|A mourning dove and its nestling on a window ledge in Mission Viejo. Photo by J.J. Meyer|
Summer is a busy time for birds. Many species are still nesting and raising their families.
Certain bird behaviors can be clues of a nest nearby. When birds are in the nest-building phase, you might see them gathering materials, such as twigs and dried grasses. You might witness them flying in and out of a particular spot in a bush or tree, often perching nearby first to watch for predators. The sound of noisy nestlings begging to be fed can also point to a nest.
So now that you’ve spotted it, what should you do?
“Keep your distance, use binoculars,” said Nancy Kenyon, local Sea and Sage Audubon chapter board member and newsletter editor. When birds are nesting near your house, the key is to minimize the disturbance, she said.
“The parents won’t feed the babies if you’re around. You’re keeping them from the nest.”
Being in close proximity to a nest can also tip predators to its location.
“Don’t draw any attention to it,” Kenyon said. “We have problems at the marsh with some photographers. They want to get that close shot of a nest, but when they leave, the crows come in and rob it.”
Depending upon the species, some birds will let you know when you’ve ventured too close. Some parents produce alarm calls, signaling to their young to remain quiet.
Killdeer, a shorebird found at the San Joaquin Wildlife Sanctuary in Irvine, display a broken-wing performance to lead predators away from their nest. “At first you may wonder what’s wrong with that poor bird, but it’s just an act to get a predator to follow it,” Kenyon said.
Other birds take a more direct approach to defending their nests.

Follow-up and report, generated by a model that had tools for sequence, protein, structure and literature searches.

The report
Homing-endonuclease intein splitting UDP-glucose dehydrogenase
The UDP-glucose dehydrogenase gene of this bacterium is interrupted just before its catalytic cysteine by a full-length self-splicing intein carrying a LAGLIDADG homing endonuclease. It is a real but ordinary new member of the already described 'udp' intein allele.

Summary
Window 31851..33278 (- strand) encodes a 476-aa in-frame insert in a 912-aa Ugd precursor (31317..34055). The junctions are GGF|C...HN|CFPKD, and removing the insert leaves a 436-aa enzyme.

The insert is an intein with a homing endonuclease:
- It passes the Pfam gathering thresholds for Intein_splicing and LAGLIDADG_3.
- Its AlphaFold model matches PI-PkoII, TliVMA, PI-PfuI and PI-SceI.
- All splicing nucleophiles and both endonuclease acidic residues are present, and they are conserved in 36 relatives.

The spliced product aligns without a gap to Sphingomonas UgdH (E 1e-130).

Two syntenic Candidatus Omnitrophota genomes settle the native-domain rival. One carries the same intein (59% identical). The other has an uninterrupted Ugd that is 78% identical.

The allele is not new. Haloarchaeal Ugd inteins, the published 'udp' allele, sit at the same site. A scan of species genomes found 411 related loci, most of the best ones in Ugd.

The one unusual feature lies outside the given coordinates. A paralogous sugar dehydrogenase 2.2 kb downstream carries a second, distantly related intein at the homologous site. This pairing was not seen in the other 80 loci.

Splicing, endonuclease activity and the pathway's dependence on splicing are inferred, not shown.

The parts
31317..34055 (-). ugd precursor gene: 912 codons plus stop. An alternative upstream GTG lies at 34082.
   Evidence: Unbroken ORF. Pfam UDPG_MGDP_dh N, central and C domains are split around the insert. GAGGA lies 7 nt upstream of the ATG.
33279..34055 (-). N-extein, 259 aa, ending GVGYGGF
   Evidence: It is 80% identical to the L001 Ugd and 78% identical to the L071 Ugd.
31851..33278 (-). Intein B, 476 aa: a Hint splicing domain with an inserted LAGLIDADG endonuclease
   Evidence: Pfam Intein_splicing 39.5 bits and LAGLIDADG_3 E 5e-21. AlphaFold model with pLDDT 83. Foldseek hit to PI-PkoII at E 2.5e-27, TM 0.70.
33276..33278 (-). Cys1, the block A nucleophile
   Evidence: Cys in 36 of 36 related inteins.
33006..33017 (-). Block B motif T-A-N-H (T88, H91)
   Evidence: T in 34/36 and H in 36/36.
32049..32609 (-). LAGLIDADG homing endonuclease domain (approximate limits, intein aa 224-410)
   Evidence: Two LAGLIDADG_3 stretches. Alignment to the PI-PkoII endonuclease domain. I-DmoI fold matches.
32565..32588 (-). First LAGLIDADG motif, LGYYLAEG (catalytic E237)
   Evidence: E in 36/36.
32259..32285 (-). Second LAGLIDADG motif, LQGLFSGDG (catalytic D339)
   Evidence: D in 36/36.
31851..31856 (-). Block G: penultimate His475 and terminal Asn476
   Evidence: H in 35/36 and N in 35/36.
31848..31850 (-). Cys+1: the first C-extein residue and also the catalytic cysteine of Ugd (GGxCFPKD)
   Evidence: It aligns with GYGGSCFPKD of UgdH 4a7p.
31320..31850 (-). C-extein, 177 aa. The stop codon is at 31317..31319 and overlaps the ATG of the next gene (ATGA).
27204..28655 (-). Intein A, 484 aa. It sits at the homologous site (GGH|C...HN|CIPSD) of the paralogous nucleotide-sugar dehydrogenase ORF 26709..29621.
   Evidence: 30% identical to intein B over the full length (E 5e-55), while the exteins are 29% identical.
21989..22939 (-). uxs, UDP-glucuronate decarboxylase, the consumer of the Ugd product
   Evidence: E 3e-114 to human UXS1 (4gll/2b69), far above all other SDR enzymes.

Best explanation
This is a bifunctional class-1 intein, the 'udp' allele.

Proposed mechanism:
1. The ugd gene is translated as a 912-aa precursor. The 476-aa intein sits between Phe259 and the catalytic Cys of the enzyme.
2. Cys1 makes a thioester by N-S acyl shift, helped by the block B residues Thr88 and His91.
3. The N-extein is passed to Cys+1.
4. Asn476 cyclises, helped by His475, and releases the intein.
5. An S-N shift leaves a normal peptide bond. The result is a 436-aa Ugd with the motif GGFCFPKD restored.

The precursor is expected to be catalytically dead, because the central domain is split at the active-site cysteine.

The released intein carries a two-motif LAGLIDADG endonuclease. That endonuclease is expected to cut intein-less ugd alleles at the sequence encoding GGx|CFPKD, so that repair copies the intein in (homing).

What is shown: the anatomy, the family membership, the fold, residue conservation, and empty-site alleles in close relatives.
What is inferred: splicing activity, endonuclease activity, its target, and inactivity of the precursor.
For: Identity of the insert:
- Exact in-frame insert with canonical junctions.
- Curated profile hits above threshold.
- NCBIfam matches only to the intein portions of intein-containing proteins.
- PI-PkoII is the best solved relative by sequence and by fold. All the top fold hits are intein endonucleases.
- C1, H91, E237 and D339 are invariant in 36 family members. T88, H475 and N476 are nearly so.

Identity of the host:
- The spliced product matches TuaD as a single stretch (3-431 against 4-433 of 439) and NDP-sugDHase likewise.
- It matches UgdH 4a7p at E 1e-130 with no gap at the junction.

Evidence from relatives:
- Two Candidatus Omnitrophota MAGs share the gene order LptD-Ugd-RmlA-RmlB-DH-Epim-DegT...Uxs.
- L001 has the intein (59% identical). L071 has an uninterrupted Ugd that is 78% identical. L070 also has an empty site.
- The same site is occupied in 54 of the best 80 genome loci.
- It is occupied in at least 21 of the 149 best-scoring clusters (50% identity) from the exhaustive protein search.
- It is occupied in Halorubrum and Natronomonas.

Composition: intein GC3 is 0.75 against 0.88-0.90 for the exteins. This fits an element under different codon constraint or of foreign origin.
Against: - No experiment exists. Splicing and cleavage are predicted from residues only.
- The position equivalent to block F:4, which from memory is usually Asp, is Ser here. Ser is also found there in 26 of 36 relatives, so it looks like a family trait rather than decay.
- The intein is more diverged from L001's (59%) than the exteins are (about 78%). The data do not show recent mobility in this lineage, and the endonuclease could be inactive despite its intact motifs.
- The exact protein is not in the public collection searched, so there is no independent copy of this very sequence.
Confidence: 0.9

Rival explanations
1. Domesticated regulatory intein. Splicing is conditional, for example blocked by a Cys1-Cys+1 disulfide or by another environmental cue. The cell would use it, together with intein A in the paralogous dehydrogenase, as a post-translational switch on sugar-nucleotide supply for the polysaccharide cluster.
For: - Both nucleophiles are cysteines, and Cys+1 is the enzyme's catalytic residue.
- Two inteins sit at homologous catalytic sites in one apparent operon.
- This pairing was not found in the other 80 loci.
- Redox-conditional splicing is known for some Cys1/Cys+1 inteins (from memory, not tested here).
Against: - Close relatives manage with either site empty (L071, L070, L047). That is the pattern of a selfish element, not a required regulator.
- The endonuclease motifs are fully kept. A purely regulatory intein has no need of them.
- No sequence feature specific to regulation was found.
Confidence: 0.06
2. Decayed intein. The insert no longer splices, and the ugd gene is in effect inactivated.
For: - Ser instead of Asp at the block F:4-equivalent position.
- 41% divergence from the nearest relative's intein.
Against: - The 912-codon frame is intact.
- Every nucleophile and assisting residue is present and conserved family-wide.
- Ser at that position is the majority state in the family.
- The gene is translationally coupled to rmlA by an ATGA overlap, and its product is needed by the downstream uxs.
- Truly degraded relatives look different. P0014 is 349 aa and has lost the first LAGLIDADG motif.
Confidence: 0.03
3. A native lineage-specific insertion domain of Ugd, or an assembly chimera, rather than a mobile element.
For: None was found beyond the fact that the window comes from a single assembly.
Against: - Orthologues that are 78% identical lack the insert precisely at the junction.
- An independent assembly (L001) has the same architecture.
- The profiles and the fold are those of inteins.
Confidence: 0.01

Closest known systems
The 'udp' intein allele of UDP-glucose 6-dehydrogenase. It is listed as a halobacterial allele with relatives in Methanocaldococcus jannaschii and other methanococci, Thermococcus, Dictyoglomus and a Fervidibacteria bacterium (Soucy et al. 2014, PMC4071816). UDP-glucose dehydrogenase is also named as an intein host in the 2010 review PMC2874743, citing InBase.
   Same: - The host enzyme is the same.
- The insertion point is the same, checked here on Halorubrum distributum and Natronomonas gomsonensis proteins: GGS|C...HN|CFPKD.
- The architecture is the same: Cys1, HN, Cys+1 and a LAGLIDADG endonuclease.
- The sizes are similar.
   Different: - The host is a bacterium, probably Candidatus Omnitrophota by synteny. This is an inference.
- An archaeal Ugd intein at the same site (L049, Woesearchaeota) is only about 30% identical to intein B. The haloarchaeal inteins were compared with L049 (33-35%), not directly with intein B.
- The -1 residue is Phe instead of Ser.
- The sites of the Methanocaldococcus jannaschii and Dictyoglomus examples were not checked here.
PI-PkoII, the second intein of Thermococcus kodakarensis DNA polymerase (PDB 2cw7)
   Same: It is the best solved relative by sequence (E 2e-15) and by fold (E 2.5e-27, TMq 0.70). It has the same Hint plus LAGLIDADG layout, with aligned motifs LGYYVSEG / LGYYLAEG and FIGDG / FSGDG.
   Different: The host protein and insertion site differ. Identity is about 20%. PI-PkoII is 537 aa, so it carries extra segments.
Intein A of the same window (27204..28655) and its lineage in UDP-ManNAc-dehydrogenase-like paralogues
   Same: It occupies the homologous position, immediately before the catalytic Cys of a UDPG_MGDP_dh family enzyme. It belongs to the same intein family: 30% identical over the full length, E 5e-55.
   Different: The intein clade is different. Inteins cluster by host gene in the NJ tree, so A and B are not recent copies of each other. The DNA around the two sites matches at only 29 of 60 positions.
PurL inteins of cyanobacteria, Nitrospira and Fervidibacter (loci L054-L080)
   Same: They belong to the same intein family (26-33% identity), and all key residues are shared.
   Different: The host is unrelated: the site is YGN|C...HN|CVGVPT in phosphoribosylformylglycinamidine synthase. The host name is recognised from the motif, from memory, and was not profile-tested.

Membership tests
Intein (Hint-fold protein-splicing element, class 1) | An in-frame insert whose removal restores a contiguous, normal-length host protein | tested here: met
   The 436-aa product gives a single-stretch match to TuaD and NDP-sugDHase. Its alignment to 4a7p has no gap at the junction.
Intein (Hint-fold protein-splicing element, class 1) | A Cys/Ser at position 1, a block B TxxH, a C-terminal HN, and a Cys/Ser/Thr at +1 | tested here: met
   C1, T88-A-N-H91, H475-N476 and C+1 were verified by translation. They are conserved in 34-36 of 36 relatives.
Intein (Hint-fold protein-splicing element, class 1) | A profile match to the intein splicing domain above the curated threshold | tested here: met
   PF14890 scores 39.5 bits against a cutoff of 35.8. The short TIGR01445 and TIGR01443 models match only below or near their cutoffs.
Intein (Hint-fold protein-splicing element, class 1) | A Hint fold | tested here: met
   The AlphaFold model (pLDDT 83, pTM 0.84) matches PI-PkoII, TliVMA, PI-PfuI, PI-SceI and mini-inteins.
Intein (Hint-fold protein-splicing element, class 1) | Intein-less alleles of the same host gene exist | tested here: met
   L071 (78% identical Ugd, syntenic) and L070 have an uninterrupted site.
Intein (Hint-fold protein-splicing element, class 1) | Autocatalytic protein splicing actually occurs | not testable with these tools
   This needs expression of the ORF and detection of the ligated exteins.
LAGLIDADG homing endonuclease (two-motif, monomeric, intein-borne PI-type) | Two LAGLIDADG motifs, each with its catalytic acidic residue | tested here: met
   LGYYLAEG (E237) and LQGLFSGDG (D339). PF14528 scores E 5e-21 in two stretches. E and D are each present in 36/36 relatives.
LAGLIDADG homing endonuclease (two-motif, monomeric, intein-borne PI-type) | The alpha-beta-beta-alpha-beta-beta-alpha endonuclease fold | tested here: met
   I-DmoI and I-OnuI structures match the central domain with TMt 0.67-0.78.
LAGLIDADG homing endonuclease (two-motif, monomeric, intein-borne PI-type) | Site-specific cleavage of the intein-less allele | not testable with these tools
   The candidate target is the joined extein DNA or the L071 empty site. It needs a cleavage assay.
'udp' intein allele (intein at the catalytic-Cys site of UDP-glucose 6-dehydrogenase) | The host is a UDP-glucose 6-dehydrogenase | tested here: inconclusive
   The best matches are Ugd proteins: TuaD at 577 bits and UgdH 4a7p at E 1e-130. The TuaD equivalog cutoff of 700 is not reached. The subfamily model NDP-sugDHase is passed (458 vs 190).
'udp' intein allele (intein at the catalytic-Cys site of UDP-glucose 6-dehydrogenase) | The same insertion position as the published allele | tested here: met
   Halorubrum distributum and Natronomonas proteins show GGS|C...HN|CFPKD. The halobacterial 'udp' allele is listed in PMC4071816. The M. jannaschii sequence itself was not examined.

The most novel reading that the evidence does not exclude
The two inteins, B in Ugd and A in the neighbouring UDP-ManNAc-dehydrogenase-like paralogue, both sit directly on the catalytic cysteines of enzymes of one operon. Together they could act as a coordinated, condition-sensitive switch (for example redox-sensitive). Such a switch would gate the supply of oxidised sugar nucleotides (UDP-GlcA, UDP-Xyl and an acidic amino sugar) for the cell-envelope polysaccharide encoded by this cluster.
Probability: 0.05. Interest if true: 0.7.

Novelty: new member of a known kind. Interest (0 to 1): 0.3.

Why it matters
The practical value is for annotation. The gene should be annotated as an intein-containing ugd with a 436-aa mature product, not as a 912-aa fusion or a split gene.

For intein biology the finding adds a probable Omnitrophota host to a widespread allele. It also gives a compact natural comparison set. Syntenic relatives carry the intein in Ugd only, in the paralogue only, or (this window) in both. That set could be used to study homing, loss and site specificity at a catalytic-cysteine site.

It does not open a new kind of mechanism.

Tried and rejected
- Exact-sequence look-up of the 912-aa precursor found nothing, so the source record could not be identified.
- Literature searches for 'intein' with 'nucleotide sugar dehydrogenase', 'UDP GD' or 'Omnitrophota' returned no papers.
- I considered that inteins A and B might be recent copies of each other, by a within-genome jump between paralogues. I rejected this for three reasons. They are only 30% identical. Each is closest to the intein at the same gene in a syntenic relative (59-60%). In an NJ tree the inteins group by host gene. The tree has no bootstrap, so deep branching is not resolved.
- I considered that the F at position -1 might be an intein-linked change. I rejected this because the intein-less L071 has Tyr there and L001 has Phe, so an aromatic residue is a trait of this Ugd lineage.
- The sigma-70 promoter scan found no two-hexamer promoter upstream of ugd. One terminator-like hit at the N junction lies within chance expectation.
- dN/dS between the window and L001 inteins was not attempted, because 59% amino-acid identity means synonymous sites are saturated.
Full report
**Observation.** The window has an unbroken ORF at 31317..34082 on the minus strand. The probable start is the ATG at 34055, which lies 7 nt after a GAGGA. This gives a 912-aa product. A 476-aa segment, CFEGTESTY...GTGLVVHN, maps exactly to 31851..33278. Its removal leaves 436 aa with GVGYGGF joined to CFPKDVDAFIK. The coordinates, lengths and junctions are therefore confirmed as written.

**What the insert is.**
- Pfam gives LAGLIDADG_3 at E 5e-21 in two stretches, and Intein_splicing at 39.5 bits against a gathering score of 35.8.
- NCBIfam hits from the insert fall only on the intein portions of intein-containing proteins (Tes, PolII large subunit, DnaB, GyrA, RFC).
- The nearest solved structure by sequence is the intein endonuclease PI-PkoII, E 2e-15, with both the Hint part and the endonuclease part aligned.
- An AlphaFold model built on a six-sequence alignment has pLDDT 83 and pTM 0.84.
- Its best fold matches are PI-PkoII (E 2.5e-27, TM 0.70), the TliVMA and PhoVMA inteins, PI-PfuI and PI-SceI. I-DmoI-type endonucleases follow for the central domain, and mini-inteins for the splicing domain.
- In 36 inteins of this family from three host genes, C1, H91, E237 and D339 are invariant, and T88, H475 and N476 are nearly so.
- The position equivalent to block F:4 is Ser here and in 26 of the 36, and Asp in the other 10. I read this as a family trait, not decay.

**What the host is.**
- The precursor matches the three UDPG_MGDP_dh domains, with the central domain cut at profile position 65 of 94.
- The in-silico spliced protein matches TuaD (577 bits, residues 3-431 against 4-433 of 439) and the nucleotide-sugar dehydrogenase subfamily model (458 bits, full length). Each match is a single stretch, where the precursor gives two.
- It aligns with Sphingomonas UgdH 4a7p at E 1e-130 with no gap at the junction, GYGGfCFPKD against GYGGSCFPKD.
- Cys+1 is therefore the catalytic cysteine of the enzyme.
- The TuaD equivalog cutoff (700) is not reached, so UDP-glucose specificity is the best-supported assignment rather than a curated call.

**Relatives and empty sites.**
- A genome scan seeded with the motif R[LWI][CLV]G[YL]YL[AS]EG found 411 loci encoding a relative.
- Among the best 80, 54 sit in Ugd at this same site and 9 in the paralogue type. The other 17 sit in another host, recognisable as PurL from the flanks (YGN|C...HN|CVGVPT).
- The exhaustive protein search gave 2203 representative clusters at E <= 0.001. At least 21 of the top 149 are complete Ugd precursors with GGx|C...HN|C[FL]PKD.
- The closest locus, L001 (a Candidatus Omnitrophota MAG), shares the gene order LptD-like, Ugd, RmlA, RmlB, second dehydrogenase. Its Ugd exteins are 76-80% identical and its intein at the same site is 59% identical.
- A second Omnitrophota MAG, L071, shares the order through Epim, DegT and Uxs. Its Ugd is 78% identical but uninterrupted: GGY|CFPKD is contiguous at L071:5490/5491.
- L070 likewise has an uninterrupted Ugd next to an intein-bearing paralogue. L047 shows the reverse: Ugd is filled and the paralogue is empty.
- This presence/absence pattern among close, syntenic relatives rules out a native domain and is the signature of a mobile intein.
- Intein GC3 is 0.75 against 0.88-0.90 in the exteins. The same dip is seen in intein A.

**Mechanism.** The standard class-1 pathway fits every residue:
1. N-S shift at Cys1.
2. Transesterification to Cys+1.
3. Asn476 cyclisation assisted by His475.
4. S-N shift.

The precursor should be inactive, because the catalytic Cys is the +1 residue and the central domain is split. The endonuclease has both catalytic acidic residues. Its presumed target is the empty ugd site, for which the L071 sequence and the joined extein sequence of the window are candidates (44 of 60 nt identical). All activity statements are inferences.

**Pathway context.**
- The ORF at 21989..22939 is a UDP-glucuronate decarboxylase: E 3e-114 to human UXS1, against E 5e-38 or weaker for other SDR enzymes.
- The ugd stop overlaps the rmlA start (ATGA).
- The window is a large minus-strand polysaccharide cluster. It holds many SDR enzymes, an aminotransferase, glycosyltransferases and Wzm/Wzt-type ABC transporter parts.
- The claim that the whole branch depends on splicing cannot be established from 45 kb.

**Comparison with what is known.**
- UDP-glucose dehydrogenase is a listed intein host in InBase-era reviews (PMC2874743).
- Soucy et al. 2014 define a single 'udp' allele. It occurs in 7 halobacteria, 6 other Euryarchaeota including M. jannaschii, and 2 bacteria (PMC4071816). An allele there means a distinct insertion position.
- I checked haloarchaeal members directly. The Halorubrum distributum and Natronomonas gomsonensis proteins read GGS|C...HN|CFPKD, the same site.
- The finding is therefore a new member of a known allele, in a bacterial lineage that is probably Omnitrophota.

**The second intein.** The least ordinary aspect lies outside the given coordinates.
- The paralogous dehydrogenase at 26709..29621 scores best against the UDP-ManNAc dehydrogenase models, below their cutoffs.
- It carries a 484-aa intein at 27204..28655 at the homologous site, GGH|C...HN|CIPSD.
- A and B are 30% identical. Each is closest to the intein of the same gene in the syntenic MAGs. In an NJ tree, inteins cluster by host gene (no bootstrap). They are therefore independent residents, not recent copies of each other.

“Brewer’s blackbirds are nesting in various shopping centers in Irvine now,” she said. “If you get too close, they will attack you.”
Raptors, such as owls and hawks, are particularly known for displaying aggressive behavior when defending their nests against perceived threats.
A nesting hawk at the Orange Tree Golf Club in Orlando, Florida, prompted course officials to post caution signs earlier this year. Members carried umbrellas and altered their walking paths to avoid getting struck in the head with sharp talons.
A barred owl with a nasty disposition earned the name of “Owlcapone” for its repeated attacks on joggers in a Salem, Oregon, park two years ago. Several people received cuts and scrapes on their heads from the talons of the large owl.
Even hummingbirds are known to fly directly at the face of a person who gets too close to its nest.
Kenyon suggests keeping dogs and cats indoors during the nesting period and delaying tree trimming until September. Ask gardeners to avoid the area of an active nest. She also recommends leaving nests in place for the duration of the breeding season, since some species will reuse a previous nest.
Many birds return to the same area to nest year after year.